Sun 26 Feb, 2012 08:06 am
Israel is against a right of return for the Palestinians. It claims such a return would destroy the Jewish nature of Israel. Israel also contends that the Palestinians were not forced to leave back in 1948.
So if the Palestinians had stayed as Israel claims they had a right to do, then Israel's present Jewishness would be lost, which the Israelis are against.
if they kept the receipt, they should have the right of return for up to 30 days
(there might be a restocking charge applied)
It would be unusual for anyone to want to go or stay where they have no rights; but the notion of home is a hard one to account for....
They all turned to **** after the Ottoman empire :\
Notice that the original Israeli Zionist Jews that came from Europe, and the Israeli Sephardic Jews that came from Moslem countries, do not want a right of return, and even the Jews of German descent that left much property back in Germany do not want a right of return (to Germany). My point is that it isn't even 100 years since Israel's Jewish citizens lived in other lands, and "learned" that they were persona non grata in what had been their family's homelands for upwards of 3,000 years (for the Sephardim and upwards of 2,000 years for the Ashkenazim). So, since Europe and the Middle East really considered Jews expendable (i.e., put into crematoriums), then the normal rules of one's homeland might have to be viewed differently in this instance, unless of course Israeli Jews should eliminate the problem by just walking into the sea until the water was over their heads. That might really be the one solution that many would be satisfied with. Barring that solution, Israeli Jews have nowhere to go, and are not likely to hand over the modern state that they toiled to develop in just sixty years. That would be just plum foolish.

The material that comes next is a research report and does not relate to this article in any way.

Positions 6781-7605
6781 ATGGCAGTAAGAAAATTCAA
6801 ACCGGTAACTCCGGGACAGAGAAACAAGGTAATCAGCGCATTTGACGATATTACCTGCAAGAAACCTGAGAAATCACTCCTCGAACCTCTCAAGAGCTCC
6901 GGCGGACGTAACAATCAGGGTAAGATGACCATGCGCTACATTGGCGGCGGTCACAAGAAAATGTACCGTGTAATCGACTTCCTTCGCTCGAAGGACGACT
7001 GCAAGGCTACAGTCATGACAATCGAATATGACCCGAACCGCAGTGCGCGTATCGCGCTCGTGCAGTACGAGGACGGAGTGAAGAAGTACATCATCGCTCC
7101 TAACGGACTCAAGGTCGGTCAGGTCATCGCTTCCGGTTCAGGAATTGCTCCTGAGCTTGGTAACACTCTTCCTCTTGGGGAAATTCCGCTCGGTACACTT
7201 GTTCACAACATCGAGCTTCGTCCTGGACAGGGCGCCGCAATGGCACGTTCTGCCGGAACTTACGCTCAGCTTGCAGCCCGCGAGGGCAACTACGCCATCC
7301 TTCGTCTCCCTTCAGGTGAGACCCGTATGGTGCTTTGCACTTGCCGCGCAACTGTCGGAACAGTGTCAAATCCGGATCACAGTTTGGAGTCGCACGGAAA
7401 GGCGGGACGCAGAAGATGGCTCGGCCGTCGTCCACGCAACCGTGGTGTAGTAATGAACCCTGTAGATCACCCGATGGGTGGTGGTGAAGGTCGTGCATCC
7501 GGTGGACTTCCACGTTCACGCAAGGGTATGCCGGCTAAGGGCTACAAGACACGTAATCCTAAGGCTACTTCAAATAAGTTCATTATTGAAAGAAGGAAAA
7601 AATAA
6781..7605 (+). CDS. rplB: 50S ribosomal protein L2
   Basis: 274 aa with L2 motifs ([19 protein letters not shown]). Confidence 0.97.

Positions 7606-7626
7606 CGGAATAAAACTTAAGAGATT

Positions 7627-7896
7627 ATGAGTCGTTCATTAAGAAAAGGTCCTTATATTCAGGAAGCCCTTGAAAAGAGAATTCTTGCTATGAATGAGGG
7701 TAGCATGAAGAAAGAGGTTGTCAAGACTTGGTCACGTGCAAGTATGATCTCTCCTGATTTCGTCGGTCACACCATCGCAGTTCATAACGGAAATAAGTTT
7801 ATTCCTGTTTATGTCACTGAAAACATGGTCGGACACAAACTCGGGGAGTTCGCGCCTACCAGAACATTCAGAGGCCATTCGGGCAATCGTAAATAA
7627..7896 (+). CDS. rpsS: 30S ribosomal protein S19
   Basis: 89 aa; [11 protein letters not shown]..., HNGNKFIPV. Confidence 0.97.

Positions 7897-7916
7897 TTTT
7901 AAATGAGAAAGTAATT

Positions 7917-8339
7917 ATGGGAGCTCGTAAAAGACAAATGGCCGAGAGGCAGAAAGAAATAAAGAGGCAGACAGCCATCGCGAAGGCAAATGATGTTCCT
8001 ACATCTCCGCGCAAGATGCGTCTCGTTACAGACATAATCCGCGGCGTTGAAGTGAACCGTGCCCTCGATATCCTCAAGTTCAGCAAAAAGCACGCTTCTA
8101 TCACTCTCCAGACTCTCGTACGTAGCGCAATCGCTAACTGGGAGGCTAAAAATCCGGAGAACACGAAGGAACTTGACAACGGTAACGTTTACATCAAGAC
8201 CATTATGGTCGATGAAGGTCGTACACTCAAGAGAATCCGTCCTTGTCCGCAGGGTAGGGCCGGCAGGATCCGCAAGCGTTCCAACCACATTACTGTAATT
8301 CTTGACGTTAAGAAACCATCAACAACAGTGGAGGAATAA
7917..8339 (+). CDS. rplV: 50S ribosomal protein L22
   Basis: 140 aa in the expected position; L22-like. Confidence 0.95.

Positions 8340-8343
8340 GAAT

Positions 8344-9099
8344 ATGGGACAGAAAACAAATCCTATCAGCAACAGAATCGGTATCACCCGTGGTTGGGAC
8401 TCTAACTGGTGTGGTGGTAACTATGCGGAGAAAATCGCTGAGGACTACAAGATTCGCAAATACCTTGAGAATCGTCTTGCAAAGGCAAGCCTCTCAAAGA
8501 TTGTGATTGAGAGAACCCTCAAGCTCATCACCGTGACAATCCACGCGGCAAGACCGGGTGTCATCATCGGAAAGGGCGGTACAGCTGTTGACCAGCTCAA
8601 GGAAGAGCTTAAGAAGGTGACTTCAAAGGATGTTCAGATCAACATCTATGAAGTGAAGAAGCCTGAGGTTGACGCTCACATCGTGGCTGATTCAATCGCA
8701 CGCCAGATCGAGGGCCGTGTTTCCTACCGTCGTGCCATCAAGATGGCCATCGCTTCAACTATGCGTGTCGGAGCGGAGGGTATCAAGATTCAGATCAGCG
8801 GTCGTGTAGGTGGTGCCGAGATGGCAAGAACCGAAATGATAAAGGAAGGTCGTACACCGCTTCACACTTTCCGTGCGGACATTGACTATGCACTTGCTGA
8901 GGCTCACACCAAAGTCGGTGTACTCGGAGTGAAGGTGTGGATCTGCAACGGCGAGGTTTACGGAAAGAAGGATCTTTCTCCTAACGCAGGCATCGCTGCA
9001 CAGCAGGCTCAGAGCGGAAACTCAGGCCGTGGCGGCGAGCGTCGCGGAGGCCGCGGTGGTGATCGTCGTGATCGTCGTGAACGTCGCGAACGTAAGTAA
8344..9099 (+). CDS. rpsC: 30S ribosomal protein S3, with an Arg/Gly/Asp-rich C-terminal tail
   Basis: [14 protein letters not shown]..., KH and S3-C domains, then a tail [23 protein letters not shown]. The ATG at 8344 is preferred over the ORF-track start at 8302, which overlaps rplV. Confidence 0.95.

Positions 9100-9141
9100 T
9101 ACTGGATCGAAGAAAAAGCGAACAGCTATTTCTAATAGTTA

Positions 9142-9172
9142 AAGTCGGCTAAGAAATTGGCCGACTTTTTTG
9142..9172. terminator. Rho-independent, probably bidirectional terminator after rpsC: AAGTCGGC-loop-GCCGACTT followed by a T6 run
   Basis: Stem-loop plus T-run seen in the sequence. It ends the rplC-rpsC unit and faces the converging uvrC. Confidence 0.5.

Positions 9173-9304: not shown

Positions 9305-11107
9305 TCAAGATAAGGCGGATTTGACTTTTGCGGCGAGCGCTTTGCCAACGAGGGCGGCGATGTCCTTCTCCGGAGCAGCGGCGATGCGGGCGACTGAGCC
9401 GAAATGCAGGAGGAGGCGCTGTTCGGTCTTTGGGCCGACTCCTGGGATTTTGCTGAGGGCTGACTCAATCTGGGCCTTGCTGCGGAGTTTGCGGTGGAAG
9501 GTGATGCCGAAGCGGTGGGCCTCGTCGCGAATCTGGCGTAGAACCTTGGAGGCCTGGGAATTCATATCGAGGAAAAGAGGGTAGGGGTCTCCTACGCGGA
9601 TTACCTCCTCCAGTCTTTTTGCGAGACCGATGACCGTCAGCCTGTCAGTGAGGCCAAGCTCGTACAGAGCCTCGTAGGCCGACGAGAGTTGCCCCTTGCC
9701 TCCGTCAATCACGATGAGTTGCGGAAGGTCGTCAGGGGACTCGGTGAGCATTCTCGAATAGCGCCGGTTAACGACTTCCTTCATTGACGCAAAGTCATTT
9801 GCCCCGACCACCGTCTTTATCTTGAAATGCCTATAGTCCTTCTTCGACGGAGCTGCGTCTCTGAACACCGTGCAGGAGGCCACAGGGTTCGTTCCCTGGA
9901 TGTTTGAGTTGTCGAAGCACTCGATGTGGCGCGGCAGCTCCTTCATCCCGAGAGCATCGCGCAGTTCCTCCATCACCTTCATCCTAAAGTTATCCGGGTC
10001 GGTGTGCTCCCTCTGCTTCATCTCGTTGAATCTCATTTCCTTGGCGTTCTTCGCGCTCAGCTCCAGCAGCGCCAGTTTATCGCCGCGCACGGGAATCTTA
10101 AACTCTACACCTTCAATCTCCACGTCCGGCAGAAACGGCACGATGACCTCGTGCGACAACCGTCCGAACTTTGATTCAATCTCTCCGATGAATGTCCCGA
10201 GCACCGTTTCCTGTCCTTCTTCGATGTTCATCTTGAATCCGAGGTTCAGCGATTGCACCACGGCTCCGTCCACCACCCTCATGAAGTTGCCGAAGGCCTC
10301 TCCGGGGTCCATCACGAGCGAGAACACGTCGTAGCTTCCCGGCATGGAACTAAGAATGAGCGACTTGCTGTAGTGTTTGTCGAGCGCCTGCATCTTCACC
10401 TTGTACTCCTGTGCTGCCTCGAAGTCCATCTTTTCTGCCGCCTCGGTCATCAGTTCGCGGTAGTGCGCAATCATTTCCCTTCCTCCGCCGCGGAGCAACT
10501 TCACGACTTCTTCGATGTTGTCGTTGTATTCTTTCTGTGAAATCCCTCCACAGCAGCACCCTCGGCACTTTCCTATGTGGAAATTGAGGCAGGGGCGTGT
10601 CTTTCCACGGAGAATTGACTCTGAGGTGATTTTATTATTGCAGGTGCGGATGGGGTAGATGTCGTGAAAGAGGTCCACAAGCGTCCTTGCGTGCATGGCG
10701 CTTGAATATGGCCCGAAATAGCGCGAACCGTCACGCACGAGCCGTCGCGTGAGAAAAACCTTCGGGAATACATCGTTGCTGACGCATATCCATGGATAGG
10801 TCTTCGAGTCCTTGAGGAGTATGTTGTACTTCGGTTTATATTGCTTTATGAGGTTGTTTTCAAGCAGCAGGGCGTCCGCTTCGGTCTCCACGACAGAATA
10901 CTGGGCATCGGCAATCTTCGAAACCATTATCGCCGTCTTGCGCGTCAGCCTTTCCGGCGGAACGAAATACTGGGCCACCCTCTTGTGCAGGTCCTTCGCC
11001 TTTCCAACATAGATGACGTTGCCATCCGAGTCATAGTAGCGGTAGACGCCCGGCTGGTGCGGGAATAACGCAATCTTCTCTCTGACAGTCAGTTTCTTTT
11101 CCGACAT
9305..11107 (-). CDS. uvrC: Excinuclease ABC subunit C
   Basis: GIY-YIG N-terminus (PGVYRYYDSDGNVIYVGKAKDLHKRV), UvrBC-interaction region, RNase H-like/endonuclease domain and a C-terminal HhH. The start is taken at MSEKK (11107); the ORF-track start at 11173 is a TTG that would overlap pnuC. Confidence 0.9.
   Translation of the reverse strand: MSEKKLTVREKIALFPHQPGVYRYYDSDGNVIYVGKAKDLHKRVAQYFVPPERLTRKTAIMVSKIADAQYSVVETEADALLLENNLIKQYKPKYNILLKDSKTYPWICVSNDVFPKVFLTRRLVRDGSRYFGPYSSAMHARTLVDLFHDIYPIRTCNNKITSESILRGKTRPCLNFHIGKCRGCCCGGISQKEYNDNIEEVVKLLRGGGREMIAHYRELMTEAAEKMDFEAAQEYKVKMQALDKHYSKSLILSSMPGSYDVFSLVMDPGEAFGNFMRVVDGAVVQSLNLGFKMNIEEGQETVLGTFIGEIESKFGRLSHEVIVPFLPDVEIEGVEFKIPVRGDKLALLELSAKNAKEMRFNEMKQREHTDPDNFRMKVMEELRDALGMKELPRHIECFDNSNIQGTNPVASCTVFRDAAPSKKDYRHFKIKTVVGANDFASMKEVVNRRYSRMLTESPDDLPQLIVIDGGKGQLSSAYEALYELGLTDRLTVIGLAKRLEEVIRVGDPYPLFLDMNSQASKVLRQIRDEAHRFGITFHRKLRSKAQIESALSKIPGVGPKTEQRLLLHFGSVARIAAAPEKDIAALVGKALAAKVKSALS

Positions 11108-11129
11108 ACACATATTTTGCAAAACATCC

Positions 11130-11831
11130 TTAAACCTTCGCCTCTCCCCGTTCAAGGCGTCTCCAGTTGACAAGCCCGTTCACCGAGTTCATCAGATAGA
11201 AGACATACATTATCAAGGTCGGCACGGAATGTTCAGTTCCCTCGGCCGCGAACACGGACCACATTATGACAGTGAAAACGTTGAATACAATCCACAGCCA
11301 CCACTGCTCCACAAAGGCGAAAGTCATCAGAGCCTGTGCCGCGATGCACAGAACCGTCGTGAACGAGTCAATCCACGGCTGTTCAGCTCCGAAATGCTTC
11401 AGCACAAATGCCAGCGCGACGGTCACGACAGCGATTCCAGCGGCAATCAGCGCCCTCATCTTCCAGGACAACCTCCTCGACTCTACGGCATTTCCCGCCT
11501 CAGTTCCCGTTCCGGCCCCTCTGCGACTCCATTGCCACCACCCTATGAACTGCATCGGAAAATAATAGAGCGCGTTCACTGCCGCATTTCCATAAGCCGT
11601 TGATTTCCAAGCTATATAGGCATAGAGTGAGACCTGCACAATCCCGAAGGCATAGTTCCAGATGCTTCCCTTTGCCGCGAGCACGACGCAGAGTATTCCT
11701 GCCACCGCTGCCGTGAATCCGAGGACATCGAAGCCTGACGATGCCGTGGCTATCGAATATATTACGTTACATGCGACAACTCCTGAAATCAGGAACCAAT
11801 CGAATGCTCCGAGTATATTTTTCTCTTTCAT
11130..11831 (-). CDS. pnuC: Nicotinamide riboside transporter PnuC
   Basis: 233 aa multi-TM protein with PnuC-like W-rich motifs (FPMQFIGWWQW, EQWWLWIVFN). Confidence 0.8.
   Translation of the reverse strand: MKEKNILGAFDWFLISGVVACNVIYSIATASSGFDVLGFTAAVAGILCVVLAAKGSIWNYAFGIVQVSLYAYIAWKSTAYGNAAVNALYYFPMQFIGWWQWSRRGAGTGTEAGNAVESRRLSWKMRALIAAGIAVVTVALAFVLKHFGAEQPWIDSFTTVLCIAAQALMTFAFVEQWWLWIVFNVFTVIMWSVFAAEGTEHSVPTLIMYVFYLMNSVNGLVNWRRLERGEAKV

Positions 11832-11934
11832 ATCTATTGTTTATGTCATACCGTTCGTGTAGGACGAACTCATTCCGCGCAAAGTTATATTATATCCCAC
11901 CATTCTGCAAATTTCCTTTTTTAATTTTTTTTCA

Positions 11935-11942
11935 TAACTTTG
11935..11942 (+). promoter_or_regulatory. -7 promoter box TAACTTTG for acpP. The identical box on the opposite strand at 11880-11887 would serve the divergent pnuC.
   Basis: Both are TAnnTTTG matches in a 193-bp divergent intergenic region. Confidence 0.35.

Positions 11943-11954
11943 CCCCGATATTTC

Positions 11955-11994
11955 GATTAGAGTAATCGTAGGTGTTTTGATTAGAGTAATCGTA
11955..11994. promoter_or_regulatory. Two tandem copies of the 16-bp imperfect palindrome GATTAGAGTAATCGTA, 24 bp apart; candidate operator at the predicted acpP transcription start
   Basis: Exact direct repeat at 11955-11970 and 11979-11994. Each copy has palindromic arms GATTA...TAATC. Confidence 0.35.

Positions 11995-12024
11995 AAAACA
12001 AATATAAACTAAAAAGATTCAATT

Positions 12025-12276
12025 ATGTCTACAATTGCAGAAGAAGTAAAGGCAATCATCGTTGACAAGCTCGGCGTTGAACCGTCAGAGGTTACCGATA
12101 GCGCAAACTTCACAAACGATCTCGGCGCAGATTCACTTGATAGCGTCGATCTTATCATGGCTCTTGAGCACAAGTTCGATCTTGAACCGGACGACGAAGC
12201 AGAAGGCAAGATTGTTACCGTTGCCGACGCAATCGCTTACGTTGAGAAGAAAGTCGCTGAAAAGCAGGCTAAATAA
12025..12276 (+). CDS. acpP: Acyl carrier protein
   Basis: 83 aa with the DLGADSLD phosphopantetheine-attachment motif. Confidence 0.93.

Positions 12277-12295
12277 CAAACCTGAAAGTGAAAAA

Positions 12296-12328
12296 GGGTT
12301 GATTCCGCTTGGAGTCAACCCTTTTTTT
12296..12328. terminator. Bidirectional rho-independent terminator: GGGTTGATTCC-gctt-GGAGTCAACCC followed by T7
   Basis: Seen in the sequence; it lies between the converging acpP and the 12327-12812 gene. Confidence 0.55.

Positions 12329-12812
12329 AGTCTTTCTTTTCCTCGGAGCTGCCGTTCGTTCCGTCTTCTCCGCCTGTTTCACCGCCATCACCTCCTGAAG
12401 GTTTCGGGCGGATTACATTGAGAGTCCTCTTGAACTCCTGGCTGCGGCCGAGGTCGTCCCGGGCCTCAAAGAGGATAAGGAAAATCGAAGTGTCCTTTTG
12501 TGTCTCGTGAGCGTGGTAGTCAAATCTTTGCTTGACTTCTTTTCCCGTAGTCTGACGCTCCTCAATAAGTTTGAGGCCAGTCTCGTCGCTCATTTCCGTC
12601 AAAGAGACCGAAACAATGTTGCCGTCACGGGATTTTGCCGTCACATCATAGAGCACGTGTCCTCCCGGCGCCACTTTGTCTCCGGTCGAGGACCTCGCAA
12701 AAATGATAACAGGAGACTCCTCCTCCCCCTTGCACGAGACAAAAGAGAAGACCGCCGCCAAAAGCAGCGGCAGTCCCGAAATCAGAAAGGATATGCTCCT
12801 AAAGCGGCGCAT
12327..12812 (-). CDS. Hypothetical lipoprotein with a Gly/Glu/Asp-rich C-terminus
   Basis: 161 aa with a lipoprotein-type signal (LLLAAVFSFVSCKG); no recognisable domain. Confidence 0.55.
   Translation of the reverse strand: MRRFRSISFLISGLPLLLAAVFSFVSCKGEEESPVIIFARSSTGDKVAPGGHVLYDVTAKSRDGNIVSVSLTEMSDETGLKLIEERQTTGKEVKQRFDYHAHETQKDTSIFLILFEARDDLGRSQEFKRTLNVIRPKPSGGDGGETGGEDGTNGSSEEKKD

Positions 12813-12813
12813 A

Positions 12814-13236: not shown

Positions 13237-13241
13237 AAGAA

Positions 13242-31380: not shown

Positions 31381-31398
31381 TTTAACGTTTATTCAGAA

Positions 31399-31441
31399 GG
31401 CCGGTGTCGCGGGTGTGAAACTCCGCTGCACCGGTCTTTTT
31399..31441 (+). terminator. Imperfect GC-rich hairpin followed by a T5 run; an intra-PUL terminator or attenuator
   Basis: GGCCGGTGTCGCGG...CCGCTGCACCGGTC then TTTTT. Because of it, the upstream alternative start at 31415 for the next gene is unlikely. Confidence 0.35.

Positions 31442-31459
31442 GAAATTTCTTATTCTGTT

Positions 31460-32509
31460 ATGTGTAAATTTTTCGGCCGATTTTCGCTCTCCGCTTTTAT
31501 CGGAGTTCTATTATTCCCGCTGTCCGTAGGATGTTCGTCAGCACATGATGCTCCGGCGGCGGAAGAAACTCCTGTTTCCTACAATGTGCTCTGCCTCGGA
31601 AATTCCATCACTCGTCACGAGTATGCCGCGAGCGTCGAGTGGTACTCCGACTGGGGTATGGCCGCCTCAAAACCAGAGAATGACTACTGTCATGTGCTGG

The term right of return refers to a principle of international law, codified in the Universal Declaration of Human Rights and the International Covenant on Civil and Political Rights, giving any person the right to return to, and re-enter, his or her country of origin.
When told your home is likely to be under attack, or when you see other towns being destroyed and their inhabitants forced to flee, it makes perfect sense to flee yourself. Under international law, that does NOT mean the conqueror can simply take over your property or make it impossible for you to return and reclaim it. Under international law, Palestinians have the right to return to their former homes. That right has been blocked for sixty years.
The Palestinians had very little options after Deir Yassin.
The Deir Yassin massacre took place on April 9, 1948, when around 120 fighters from the Irgun Zevai Leumi and Lohamei Herut Israel Zionist paramilitary groups attacked Deir Yassin near Jerusalem, a Palestinian-Arab village of roughly 600 people. The assault occurred as Jewish militia sought to relieve the blockade of Jerusalem during the civil war that preceded the end of British rule in Palestine.
Around 107 villagers were killed during and after the battle for the village, including women and children—some were shot, while others died when hand grenades were thrown into their homes. Several villagers were taken prisoner and may have been killed after being paraded through the streets of West Jerusalem, though accounts vary. Four of the attackers died, with around 35 injured. The killings were condemned by the leadership of the Haganah—the Jewish community's main paramilitary force—and by the area's two chief rabbis. The Jewish Agency for Israel sent Jordan's King Abdullah a letter of apology, which he rebuffed.